The price of farmland in England and Wales has dropped by seven percent since its peak in the second half of 2015, thought to be under pressure from the UK’s decision to leave the European Union.
In the last six months of 2017 the price of farmland fell by two percent compared with the same period the year before, according to a survey by the Royal Institution of Chartered Surveyors (Rics) and the Royal Agricultural University.
Brexit has been highlighted by respondents to in every survey since the referendum. Looking ahead at 2018, 32 percent of respondents felt the ongoing Brexit process would result in less land being made available for purchase.
Price expectations are also downbeat with more respondents expecting to see land prices fall in the twelve months ahead than previously.
Tamara Hooper, Rics policy manager said:
The latest data continues to show the need for clarity from government for the rural community. We have seen demand, prices and rents fall since the EU referendum and now our latest survey results point to less availability of land for would-be buyers.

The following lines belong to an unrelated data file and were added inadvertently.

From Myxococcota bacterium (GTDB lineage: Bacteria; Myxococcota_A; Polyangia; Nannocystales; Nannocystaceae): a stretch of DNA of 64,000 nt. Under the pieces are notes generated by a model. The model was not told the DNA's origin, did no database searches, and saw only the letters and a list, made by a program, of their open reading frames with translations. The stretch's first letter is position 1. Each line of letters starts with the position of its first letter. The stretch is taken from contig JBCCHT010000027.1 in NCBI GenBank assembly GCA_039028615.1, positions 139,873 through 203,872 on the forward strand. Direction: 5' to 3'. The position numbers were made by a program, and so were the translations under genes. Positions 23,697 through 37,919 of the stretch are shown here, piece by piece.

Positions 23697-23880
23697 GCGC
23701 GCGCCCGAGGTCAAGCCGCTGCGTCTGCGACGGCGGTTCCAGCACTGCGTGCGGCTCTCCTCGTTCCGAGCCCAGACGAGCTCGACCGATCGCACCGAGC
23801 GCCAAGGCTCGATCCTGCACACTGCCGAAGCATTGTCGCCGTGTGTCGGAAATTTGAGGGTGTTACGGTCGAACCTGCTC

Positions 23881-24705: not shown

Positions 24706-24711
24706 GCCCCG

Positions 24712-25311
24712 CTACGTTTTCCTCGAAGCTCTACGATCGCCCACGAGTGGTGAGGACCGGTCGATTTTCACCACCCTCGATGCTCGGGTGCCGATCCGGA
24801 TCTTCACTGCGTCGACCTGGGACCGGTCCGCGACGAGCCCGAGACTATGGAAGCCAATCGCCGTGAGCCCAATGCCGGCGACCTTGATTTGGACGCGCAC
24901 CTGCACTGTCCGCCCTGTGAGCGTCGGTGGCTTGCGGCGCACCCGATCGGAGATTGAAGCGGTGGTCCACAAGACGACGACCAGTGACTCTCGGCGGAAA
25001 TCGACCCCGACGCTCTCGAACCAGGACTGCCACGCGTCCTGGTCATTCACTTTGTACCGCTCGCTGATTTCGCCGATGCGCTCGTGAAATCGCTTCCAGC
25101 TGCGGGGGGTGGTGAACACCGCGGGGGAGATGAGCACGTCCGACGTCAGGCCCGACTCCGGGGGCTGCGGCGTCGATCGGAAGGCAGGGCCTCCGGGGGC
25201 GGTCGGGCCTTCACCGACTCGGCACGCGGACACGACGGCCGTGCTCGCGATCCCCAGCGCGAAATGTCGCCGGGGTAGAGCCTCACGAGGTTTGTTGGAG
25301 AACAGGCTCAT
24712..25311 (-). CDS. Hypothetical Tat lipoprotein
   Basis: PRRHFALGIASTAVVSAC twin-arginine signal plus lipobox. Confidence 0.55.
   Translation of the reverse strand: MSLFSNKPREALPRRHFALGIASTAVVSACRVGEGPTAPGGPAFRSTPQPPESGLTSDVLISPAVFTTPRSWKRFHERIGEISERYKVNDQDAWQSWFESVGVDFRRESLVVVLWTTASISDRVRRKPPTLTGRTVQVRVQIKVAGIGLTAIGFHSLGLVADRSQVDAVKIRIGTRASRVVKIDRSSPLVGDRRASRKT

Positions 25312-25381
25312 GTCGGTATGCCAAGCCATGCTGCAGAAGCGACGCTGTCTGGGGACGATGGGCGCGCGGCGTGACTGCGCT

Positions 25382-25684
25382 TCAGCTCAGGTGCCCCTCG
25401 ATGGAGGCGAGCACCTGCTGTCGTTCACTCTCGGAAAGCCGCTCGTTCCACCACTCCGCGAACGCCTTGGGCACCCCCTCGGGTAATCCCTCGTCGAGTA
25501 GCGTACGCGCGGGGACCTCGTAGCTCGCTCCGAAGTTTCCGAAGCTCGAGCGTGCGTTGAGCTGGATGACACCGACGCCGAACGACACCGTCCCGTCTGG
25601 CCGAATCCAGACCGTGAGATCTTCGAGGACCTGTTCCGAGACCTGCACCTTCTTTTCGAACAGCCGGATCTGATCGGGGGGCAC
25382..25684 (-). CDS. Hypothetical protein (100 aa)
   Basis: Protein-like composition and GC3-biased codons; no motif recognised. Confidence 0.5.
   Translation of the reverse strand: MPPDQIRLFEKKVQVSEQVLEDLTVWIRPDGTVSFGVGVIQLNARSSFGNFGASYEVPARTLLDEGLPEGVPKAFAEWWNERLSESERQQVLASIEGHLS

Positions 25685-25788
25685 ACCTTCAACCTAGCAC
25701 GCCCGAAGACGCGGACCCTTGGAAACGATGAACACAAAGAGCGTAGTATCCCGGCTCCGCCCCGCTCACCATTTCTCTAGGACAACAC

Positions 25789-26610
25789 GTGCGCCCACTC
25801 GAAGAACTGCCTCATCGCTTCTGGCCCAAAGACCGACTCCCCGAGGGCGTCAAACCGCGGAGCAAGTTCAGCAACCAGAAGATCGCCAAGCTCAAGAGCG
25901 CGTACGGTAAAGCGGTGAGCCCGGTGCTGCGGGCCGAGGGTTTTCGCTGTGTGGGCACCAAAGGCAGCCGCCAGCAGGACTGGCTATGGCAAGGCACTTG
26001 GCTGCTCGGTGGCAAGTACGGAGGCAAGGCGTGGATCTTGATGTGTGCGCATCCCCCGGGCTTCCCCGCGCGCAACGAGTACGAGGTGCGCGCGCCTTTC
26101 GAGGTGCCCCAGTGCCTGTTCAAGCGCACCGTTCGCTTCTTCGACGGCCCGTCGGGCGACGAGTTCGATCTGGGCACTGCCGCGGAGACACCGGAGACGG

Rics has continuously called for government to support agriculture and horticulture and when 60 percent of the sales market is driven by farmers it is clear that Government need to provide yet more clarity and certainty.
However, we cannot deny that the nature of rural land-based businesses continues to evolve. With the inevitable restructuring of UK agriculture ahead, there will be a need to support all rural business activities beyond primary agricultural production.
Farmland per acre in Scotland – in the second half of last year – was the cheapest at £4,250, followed by the North East at £6,125
It was the most expensive in the West Midlands where the average price for farmland per acre was £8,500, followed by the South East at £8,253 per acre.
Alex Lawson, director of national farms and estates at Savills, said:
While some farmland values continue to be affected by short-term uncertainty we believe the downturn in values initially triggered by weakness in commodity prices during 2014 is slowing.
Currently, there is a huge range in values across all land types and geographies with some commercial areas and lesser-quality properties seeing greater falls than others. In certain circumstances excellent sale results are, and will continue to be achieved which is particularly the case for farms and estates with significant amenity appeal which are proving to be increasingly popular.
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